Marriage on the Rocks (1965 – 109 minutes) falls into the genre of “Cinema of the Uncool.” Frank tries to tap in the hipness of the times. He wants to create a “now” sexual comedy with Dean Martin, but ends up making a glorious mess. Sinatra is a married workaholic at an advertising firm. His right hand man and best friend is swinging single Dean. Sinatra’s neglected wife (Deborah Kerr) is frustrated at her absentee spouse. Can this marriage be saved in the early days of the cultural revolution? You can tell that Sinatra still doesn’t have a clue about what’s really happening. When they go out to a hippie nightclub, the feature performer is Trini Lopez singing “There Was a Sinner Man.” Trini is way too clean cut for this groovy establishment. He’s pure Vegas on the psychedelic stage. But Sinatra wasn’t eager to share the screen with a real rock band. It would have been hilarious to see Dean and Frank dancing to the Kinks or the Standells. The twist of Marriage on the Rocks is Sinatra tries to revitalize his marriage with a vacation to Mexico. Things get confused with a local official (Cesar Romero) This leads to Sinatra and Kerr accidentally getting quickie divorce. A second bit of confusion leads to Kerr unwittingly marrying Dean. What’s a guy to do when he marries his buddy’s wife? In the midst of the growing sexual revolution, this film does its best to maintain a sense of chastity. The humor comes less from what’s being done on screen than what they’re denying in the scenes. This isn’t quite up to the standard of The Tender Trap, but it’s fine kitsch gold from Frank and Dean.
Frank Sinatra: The Golden Years Collection is a solid box set of the crooner’s top shelf acting moments. He doesn’t mug it up for the camera and sing a song or two to keep the audience happy. He’s delving into characters. Who would imagine the man who sang “That’s Life” would be tying up a vein? He exaggerates his swinger image on The Tender Trap. This is perfect for the casual Sinatra fan. The only one in the batch that doesn’t quite touch the gold standard is Marriage on the Rocks. It’s a twisted piece of tinsel. This is a collection that will allow a fan of Sinatra to remember Old Blues Eyes as a thespian.
The video on The Man with the Golden Arm is 1.78:1 anamorphic. The other four films are 2.35:1 anamorphic. There’s a few rough patched on The Man with the Golden Arm with visible scratches. This isn’t too distracting since it’s such a gritty topic. The other four films are in better shape. The audio on all five films are Dolby Digital mono. The mix is good without any noticeable defects. The subtitles on Golden Arm are in English and French. None But the Brave has only English subtitles. The other three films have subtitles in English, French and Portuguese.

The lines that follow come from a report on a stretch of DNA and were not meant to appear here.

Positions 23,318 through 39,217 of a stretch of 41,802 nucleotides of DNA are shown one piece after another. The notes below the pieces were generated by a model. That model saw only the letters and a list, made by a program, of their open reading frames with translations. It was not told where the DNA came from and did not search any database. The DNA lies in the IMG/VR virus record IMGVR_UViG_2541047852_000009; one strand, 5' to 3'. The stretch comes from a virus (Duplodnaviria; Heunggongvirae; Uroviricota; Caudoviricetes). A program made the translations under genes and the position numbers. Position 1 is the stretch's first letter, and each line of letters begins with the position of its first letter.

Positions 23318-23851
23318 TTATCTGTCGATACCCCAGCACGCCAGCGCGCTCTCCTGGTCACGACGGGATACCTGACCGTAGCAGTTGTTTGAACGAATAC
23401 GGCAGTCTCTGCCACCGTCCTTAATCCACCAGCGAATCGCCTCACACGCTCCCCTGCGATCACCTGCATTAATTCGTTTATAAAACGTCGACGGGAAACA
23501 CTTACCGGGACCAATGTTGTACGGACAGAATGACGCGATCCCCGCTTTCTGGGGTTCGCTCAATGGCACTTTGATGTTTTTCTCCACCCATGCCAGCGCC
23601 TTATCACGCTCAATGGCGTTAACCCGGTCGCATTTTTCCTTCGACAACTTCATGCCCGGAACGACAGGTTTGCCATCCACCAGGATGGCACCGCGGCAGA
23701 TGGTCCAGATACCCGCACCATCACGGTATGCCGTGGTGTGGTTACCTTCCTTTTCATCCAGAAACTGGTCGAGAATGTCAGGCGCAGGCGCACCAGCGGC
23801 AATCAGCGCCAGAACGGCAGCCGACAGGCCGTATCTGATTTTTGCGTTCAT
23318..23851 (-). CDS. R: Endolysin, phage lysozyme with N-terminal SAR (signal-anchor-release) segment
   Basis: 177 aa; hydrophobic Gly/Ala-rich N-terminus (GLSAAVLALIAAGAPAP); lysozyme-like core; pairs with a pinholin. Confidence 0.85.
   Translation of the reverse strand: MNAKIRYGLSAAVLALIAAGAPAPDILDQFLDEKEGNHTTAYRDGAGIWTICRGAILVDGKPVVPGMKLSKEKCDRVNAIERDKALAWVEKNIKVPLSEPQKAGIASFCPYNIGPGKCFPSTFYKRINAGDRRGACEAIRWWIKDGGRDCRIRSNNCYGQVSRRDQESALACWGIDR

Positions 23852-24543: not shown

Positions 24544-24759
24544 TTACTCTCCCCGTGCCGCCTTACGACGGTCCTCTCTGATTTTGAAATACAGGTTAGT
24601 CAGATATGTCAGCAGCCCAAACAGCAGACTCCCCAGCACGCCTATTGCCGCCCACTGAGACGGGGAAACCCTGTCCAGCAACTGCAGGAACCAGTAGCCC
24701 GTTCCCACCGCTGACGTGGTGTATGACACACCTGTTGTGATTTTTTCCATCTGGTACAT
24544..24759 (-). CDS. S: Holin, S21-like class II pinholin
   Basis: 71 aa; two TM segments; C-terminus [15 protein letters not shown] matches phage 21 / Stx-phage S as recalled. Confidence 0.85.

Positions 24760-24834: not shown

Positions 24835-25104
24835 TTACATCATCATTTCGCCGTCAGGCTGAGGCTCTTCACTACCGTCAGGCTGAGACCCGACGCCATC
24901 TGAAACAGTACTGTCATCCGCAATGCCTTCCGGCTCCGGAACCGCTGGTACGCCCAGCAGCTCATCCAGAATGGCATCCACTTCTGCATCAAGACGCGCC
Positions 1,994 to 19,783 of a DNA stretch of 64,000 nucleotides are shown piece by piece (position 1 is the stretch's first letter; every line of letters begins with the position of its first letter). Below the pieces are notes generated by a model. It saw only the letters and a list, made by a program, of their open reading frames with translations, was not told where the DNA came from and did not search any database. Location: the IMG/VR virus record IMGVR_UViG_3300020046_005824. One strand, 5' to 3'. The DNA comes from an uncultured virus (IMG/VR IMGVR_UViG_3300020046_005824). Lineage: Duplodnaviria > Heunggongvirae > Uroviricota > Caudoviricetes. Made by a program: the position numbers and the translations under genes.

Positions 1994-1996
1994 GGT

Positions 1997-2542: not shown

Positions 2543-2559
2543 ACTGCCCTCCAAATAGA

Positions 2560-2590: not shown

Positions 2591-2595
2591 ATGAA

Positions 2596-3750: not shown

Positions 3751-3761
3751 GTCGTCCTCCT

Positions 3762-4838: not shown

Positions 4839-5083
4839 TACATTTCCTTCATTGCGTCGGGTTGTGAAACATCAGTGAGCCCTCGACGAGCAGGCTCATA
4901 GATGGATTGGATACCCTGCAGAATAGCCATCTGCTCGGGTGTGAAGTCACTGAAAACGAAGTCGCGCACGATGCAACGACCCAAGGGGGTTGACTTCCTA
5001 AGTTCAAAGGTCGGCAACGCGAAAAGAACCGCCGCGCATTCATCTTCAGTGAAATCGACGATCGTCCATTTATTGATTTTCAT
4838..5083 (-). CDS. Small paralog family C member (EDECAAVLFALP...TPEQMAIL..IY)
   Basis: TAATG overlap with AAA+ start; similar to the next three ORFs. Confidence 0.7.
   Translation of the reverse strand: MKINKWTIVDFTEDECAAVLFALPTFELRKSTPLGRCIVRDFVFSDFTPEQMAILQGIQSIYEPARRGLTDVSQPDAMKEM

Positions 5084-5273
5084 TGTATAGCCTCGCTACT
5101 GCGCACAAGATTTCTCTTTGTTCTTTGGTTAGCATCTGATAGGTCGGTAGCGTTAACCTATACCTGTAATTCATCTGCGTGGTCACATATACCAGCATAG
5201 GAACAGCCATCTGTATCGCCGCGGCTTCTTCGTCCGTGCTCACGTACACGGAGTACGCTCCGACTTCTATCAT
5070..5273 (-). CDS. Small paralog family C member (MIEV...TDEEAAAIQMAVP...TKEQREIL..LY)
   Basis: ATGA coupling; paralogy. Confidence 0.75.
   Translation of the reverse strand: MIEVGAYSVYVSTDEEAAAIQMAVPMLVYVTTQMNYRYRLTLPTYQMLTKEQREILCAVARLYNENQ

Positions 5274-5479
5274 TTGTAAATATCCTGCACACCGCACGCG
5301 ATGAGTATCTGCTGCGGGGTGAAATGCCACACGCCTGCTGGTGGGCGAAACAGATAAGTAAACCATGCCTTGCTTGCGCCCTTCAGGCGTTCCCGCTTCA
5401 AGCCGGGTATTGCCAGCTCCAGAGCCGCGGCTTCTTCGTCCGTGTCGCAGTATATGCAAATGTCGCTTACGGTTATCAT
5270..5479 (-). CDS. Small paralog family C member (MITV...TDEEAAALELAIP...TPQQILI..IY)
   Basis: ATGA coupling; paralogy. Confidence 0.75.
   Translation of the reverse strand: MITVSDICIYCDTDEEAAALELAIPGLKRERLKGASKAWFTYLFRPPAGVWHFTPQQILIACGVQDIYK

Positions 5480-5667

The Man with the Golden Arm trailer (2:12) prepares you for a shocking film. Saul Bass’ animation is a major component of the visual pitch.
Shoot Up, Shoot Out: The Story Behind The Man with the Golden Arm (19:27) has film critics and historians breakdown the taboo nature of this film. It wasn’t every Hollywood film that featured a smack freak as the hero in 1955. They cover the relationship between director Otto Preminger and Sinatra that allowed them to go beyond the Hayes Code.
Frank in the Fifties (15:56) has film historians and critics discuss how Frank was a rock star during this era. It’s more fluffy than informative.
Tender Trap Trailer (2:29) lets us know this is a “riotous comedy.”
The Story of Some Came Running (20:35) is an effective documentary with film historians and critics giving the background on the film. Don’t watch this until after you’ve seen the movie. Why don’t movie studios run “spoiler” warnings on these type of bonus features?
Some Came Running Trailer (3:50) pushes how this film is the follow up of From Here to Eternity.
None But the Brave trailer (4:21) shows Sinatra behind the camera and calling “cut.” He talks straight to the audience to push the film.
Marriage on the Rocks (3:41) claims “Everyone’s going a-go-go!” You’d almost think this was a true open marriage flick.
Frank Sinatra: The Golden Years Collection contains five films Sinatra made during his glory days in Hollywood. Four of the five show that he could bring the acting muscle when the role required it. He wasn’t just up on the screen playing himself all the time. This box set makes a statement that Frank’s could break your heart with more than his saloon songs.
Warner Home Video presents Frank Sinatra: The Golden Years Collection. Starring: Frank Sinatra, Dean Martin, Darren McGavin, Debbie Reynolds. Five Movies on Five DVDs. Rating: Not Rated. Released on DVD: May 13, 2008. Available at Amazon.com